Meet ‘Zombie Star,’ soon one of the strongest magnets in the universe

Meet ‘Zombie Star,’ soon one of the strongest magnets in the universe

Astronomers observing a magnetic living star

HD 45166 is believed to have the strongest magnetic field ever found in a massive star.
Credit: ESO / L. Calçada illustration

Astronomers have been studying a weird old star in deep space that is alive — but just barely.

The beguiling star in the HD 45166 system is known as a Wolf-Rayet, in the midst of a rare and brief phase that makes it burn hotter and generate powerful gas winds right before it explodes in a supernova.

But why would such a light star — that is, one only about four times the mass of the sun — behave like a Wolf-Rayet, which is often exceedingly more massive? What’s more, the star isn’t nearly as luminous as others in its class and has funky, unexpected ingredients, like nitrogen, oxygen, and carbon.

Astrophysicists Tomer Shenar and Julia Bodensteiner began calling it the Zombie Star, not because it’s almost dead, but because it became Shenar’s obsession, turning him into a zombified stargazer as he tried to solve the mystery.

“It has certainly kept me awake at night,” Shenar told Mashable. “The star was a riddle to me, and my colleagues had to suffer my repeated mentions of this object.”

The team concluded the star is likely an oddball because it’s on the verge of becoming a magnetar, the most magnetic thing in the universe.

The star, located about 3,000 light-years from Earth with a companion star in the constellation Monoceros, turns out to be the most magnetic massive living star ever found. The new findings, published in the journal Science, present the Zombie Star as a new type of astronomical object that may explain the origin of magnetars, tightly packed stellar corpses with mighty magnetic fields. Up until now, how they form has eluded experts.

The discovery happened after Shenar had an epiphany: What if it’s magnetic?

Webb observing a Wolf-Rayet star

The James Webb Space Telescope captures a Wolf-Rayet star on the brink of a supernova explosion.
Credit: NASA / ESA / CSA / STScI / Webb ERO Production Team


“The star was a riddle to me.”

The team studied it with the Canada-France-Hawaii Telescope that can detect and measure magnetic fields. They learned the star is extremely magnetic, at 43,000 gauss. For a reference point, Earth’s magnetic field — invisible forces that help compasses operate and birds navigate — is 0.5 gauss. The entire surface of the Zombie Star has a magnetic field almost 100,000 times stronger than Earth’s, said co-author Pablo Marchant, an astronomer at KU Leuven’s Institute of Astronomy in Belgium, in a statement.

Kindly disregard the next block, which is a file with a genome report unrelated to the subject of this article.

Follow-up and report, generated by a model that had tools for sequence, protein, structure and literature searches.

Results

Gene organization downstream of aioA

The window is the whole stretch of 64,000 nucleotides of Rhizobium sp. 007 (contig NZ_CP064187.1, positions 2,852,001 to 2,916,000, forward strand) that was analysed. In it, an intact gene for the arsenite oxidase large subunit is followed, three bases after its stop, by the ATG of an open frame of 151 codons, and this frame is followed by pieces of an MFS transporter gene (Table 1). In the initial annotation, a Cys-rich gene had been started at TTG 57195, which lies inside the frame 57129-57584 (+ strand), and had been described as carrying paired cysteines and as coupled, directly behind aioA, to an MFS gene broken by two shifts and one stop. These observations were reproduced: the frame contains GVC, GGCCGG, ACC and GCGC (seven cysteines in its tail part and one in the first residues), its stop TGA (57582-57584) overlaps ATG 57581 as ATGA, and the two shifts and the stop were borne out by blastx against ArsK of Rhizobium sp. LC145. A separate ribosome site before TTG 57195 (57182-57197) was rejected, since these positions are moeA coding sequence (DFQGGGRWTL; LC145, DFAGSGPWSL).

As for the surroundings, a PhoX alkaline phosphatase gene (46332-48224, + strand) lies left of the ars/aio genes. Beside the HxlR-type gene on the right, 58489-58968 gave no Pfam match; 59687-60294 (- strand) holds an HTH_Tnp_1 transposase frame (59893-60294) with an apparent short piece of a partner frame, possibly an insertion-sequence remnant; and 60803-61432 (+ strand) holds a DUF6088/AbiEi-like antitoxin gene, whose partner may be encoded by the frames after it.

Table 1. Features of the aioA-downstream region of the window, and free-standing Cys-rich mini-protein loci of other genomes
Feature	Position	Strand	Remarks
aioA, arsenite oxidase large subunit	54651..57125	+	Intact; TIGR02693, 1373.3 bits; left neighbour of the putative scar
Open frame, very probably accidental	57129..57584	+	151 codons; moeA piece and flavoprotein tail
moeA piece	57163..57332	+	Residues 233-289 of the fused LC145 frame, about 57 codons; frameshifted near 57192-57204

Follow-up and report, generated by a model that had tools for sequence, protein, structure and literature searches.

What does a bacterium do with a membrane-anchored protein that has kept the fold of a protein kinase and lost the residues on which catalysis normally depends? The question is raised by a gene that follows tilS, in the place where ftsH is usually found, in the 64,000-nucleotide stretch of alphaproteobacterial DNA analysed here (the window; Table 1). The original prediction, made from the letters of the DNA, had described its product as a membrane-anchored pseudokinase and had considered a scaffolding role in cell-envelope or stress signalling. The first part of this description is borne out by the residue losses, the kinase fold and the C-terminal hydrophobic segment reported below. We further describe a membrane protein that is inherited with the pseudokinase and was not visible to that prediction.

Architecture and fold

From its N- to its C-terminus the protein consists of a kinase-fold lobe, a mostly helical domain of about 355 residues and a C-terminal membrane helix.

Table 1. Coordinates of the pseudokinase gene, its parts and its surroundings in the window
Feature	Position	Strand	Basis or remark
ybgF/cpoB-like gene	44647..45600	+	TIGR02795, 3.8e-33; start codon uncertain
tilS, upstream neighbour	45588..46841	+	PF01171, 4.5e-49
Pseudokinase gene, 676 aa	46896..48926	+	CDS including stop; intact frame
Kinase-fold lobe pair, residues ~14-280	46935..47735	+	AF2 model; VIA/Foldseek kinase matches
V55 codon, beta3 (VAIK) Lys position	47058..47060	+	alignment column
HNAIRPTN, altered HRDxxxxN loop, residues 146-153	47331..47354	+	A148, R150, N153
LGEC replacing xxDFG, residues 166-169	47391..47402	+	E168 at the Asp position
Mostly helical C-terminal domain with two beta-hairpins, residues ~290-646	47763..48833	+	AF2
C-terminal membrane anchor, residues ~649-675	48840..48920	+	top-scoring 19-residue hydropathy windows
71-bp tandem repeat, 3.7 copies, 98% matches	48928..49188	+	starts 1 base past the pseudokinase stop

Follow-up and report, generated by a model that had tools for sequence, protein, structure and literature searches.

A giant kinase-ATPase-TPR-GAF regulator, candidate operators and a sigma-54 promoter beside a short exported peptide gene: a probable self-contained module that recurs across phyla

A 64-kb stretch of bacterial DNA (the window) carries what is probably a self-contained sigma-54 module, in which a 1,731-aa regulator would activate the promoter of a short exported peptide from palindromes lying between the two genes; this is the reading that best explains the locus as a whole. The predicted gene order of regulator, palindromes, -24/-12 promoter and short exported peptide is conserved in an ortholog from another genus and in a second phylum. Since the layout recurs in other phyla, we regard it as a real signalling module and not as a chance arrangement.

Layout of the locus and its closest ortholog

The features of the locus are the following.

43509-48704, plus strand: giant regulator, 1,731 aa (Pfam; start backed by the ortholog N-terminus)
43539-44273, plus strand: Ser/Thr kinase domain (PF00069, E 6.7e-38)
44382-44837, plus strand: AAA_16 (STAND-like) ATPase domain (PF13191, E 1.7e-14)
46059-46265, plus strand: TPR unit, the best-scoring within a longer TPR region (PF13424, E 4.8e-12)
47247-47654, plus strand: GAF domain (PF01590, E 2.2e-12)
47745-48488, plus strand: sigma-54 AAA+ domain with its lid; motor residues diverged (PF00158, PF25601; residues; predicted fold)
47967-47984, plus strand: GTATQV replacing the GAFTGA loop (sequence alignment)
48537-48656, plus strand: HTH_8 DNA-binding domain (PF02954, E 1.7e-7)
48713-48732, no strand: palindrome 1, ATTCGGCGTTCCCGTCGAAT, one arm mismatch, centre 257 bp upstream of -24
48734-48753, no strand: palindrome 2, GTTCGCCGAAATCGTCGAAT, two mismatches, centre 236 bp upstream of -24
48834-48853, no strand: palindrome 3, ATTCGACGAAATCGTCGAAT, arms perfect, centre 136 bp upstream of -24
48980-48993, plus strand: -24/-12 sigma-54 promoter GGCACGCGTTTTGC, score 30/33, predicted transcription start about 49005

Want more science and tech news delivered straight to your inbox? Sign up for Mashable’s Light Speed newsletter today.

“I don’t know how it would feel for a human being, but I doubt it would feel nice,” Shenar, the lead author, said in an email. “I guess the iron in our blood would get pulled to our heads (or legs).”

When the Zombie Star sheds solar material, it can’t escape because of the magnetic fields, trapped in arches that collide at the magnetic equator, says Shenar, who is based at the Centre for Astrobiology in Spain. In fact, most of the light astronomers can see from the star is actually coming from this captured shell of material.

Shenar used to work at KU Leuven’s Institute of Astronomy, where researchers have access to the Mercator telescope in the Canary Islands. He would often beg his colleagues for a favor to sneak in another “spectrum” of the Zombie Star, a chart of starlight data that tells astronomers about a star’s makeup.

The team calculates that the star will end its life as a magnetar, a special breed of neutron star with an extremely powerful magnetic field. While some supernovas result in a new black hole, others form dense neutron stars when the core of a massive star collapses.

A graphic of magnetic field lines rising from a magnetar.

A graphic of magnetic field lines rising from a magnetar.
Credit: Robert Mallozzi / University of Alabama in Huntsville illustration

During the collapse, its magnetic strength will crescendo, the team suggests, eventually becoming a dead core with a magnetic field of about 100 trillion gauss.

In hindsight, Shenar believes his obsessive thoughts about HD 45166 and nagging were worth it, uncovering an important piece of the puzzle about magnetars. Fortunately, he reports that he has suffered no other zombifying symptoms, like feeding on hapless undergrads.

“I’m a vegetarian, so no,” he said.

Mashable Image

Elisha Sauers is the space and future tech reporter for Mashable, interested in asteroids, astronauts, and astro nuts. In over 15 years of reporting, she’s covered a variety of topics, including health, business, and government, with a penchant for FOIA and other public records requests. She previously worked for The Virginian-Pilot in Norfolk, Virginia, and The Capital in Annapolis, Maryland, now known as The Capital-Gazette. Her work has earned numerous state awards, including the Virginia Press Association’s top honor, Best in Show,  and national recognition for narrative storytelling. In her first year covering space for Mashable, Sauers grabbed a National Headliner Award for beat reporting. Send space tips and story ideas to [email protected] or text 443-684-2489. Follow her on Twitter at @elishasauers.

This newsletter may contain advertising, deals, or affiliate links. Subscribing to a newsletter indicates your consent to our Terms of Use and Privacy Policy. You may unsubscribe from the newsletters at any time.

Read More

Leave a Reply

Your email address will not be published. Required fields are marked *